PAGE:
Dale Peck

The 15 Best Nonfiction Books of 2015

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Death and grief, love and sex, gender and race: the year’s best nonfiction demonstrates no shortage of bravery its encounters with major social, political, personal, and historical themes. Nor did these books shy away from the formal daring required to navigate those themes; in many ways, we’ve seen enough stylistic invention, reinvention, and resourcefulness in one year to last us the next five. That’s because each of these books presses into new ways of negotiating personal struggle with the promises and expectations of society. The results, as you can see, are staggering.
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The 50 Best Independent Press Books of 2015

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This was the year, as Wesley Morris pointed out in the New York Times, of “a great cultural identity migration” — it was a year we wrestled with identity. This fact is everywhere evident in our independent literature — take, for example, John Keene’s exploration of race and historical identity in Counternarratives, the year’s best work of short fiction, independent or otherwise.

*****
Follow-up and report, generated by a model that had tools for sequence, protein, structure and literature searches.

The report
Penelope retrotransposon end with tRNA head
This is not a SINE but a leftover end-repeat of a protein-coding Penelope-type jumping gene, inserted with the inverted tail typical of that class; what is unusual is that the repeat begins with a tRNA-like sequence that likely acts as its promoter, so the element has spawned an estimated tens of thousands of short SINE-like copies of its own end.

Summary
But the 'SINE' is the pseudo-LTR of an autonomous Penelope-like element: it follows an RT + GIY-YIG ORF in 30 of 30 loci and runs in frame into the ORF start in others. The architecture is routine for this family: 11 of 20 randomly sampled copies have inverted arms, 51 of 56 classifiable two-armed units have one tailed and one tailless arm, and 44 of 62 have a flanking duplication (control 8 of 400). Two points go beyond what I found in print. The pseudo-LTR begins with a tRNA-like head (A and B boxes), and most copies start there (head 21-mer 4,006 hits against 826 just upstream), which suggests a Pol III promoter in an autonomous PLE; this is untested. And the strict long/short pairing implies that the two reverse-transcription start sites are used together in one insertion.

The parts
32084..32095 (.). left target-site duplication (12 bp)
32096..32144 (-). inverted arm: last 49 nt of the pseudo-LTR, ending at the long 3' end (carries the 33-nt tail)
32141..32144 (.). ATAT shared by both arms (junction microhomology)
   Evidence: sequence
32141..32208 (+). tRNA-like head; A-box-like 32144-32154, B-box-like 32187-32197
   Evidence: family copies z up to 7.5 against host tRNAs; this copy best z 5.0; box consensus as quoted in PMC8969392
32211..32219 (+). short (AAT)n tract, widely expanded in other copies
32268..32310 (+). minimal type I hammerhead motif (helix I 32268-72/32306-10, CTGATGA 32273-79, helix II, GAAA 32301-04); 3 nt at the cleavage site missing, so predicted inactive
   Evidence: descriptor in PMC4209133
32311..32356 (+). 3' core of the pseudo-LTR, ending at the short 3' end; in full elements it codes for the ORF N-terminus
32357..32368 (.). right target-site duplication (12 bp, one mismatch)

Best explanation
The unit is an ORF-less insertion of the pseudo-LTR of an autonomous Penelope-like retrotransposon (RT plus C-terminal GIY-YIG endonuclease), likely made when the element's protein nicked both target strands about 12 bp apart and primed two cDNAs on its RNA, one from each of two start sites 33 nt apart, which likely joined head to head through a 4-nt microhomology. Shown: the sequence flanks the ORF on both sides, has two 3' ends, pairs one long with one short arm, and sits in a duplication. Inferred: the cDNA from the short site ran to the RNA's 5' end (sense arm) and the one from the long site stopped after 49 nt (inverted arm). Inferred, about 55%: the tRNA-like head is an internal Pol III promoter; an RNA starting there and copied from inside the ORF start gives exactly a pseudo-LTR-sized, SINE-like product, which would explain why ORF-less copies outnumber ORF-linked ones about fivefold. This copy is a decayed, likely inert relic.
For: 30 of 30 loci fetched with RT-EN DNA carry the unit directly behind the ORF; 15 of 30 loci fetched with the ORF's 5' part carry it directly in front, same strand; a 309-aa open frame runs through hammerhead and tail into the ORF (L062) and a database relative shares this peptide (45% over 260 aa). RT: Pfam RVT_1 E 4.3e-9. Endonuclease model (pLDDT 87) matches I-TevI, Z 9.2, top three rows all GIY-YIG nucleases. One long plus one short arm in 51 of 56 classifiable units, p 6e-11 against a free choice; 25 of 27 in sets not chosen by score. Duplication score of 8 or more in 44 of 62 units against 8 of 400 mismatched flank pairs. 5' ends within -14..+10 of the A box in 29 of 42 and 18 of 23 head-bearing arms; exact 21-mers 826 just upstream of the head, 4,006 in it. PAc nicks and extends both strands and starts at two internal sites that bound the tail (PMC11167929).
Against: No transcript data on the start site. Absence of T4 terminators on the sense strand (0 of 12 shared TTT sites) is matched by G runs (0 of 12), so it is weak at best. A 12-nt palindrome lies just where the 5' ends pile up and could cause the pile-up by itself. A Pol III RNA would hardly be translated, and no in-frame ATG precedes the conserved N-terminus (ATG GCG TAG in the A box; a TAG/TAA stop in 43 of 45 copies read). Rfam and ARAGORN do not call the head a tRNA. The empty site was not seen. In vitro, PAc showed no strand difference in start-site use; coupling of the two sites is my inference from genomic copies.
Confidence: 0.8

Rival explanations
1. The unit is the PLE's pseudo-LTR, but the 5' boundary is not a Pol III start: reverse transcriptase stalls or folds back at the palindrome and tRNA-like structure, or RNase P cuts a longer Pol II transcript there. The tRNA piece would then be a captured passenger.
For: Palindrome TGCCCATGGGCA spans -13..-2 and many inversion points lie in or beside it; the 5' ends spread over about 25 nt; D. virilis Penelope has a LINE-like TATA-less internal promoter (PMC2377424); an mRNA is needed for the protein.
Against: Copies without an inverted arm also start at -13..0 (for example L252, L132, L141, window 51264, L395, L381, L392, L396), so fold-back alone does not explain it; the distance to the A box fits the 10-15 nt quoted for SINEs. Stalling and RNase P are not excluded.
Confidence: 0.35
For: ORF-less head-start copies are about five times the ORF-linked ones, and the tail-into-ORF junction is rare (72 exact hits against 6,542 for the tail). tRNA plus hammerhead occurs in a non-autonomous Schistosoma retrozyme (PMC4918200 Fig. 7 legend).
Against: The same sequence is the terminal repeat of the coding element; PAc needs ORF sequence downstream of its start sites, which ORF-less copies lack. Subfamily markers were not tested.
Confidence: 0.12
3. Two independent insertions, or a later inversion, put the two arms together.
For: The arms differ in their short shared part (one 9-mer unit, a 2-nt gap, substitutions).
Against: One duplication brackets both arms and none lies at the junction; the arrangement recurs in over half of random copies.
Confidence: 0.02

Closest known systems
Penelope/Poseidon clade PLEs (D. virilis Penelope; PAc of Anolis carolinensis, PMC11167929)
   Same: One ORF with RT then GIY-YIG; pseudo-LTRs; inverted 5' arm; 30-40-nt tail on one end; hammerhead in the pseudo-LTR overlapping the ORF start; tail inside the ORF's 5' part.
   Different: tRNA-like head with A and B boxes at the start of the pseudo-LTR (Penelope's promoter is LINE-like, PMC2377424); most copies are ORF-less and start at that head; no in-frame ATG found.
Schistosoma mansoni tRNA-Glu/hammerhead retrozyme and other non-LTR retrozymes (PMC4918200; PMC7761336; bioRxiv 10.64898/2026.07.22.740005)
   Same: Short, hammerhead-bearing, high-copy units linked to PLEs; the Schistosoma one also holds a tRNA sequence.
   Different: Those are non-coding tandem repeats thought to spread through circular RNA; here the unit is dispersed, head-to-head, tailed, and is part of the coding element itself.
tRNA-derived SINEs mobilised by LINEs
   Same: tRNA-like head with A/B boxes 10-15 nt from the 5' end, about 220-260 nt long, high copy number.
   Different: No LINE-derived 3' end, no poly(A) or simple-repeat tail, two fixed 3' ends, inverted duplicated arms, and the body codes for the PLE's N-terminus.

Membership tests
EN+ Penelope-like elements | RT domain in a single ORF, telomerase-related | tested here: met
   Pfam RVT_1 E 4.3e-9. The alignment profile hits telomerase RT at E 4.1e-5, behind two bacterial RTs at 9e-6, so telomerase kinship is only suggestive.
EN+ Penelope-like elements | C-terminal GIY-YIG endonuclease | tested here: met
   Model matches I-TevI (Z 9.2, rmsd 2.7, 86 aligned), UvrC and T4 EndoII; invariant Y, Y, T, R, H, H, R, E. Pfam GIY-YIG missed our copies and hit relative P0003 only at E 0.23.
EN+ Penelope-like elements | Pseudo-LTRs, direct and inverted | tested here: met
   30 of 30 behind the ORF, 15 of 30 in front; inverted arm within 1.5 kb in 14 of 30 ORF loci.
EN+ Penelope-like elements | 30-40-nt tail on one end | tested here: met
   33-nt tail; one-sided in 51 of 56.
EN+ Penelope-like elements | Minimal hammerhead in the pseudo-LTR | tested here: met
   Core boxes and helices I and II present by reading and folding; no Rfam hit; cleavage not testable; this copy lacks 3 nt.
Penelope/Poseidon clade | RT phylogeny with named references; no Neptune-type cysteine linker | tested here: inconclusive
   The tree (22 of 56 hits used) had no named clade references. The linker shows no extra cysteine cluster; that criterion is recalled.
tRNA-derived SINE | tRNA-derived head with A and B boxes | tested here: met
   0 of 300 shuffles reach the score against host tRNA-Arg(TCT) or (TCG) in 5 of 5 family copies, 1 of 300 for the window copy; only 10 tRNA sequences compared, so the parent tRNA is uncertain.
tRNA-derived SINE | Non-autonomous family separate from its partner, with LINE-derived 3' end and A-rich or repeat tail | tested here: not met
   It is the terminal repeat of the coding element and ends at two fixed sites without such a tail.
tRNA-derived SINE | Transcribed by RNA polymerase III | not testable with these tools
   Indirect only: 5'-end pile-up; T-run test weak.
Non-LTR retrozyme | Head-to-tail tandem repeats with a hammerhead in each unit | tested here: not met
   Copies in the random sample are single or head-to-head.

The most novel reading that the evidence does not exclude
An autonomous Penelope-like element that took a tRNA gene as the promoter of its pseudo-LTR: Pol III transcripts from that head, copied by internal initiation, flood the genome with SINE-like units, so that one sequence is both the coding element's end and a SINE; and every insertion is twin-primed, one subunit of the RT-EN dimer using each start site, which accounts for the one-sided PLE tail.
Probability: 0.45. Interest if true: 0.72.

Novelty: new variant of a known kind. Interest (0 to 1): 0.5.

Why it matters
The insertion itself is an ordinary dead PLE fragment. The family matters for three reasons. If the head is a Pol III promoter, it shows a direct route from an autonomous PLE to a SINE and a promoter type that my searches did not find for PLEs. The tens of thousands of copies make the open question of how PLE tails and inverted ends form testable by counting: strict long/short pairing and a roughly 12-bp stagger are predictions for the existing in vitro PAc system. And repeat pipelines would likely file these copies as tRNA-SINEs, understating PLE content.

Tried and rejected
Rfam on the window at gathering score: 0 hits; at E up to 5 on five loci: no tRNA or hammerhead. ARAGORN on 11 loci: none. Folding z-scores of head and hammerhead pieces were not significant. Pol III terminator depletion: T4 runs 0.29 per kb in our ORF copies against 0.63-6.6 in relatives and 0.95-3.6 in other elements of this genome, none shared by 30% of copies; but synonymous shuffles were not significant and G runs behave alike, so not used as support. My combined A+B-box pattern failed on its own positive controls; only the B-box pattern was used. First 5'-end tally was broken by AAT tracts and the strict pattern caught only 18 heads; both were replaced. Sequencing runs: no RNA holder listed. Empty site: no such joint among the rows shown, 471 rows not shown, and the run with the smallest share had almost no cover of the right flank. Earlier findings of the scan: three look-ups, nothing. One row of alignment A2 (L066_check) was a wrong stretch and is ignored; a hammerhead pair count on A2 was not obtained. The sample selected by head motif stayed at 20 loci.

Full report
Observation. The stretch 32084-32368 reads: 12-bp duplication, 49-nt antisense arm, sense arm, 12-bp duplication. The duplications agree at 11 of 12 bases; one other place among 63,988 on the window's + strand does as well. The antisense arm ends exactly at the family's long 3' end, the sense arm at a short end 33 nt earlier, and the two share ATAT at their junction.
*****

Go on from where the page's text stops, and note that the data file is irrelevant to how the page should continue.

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The 15 Best Nonfiction Books of the Year So Far

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From a personal examination of the modern definition of spinsterhood to an exploration of the internet’s dark and secret places, literary and journalistic nonfiction has gone to incredibly varied places this first half of the year. Here are the books that have stood out as we reach the half-year mark, all fueled by obsession and reflection, the hallmarks of the …Read More

‘Til Human Voices Wake Us: Dale Peck’s ‘Visions and Revisions’ in the Age of AIDS

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Visions and Revisions, the title of Dale Peck’s new memoir about coming of age as a writer — as a person — during the AIDS crisis, might seem like a strange one from a novelist, critic, and essayist who once maligned literary modernism and its descendants. Only it isn’t. The title comes, as many readers will know, from T.S. Eliot’s “The Love Song of J. Alfred Prufrock,” perhaps the 20th century’s greatest literary work devoted to sexual indecision. This is fitting for Peck, whose memoir is embroidered with the sexual indecisions brought about by the AIDS crisis, which, the book reminds us, was a matryoshka doll of other crises, both public and private, theoretical and practical, cultural and political — all of which threatened to overwhelm the writer. The subtitle of the first section: “And in short I was afraid.”
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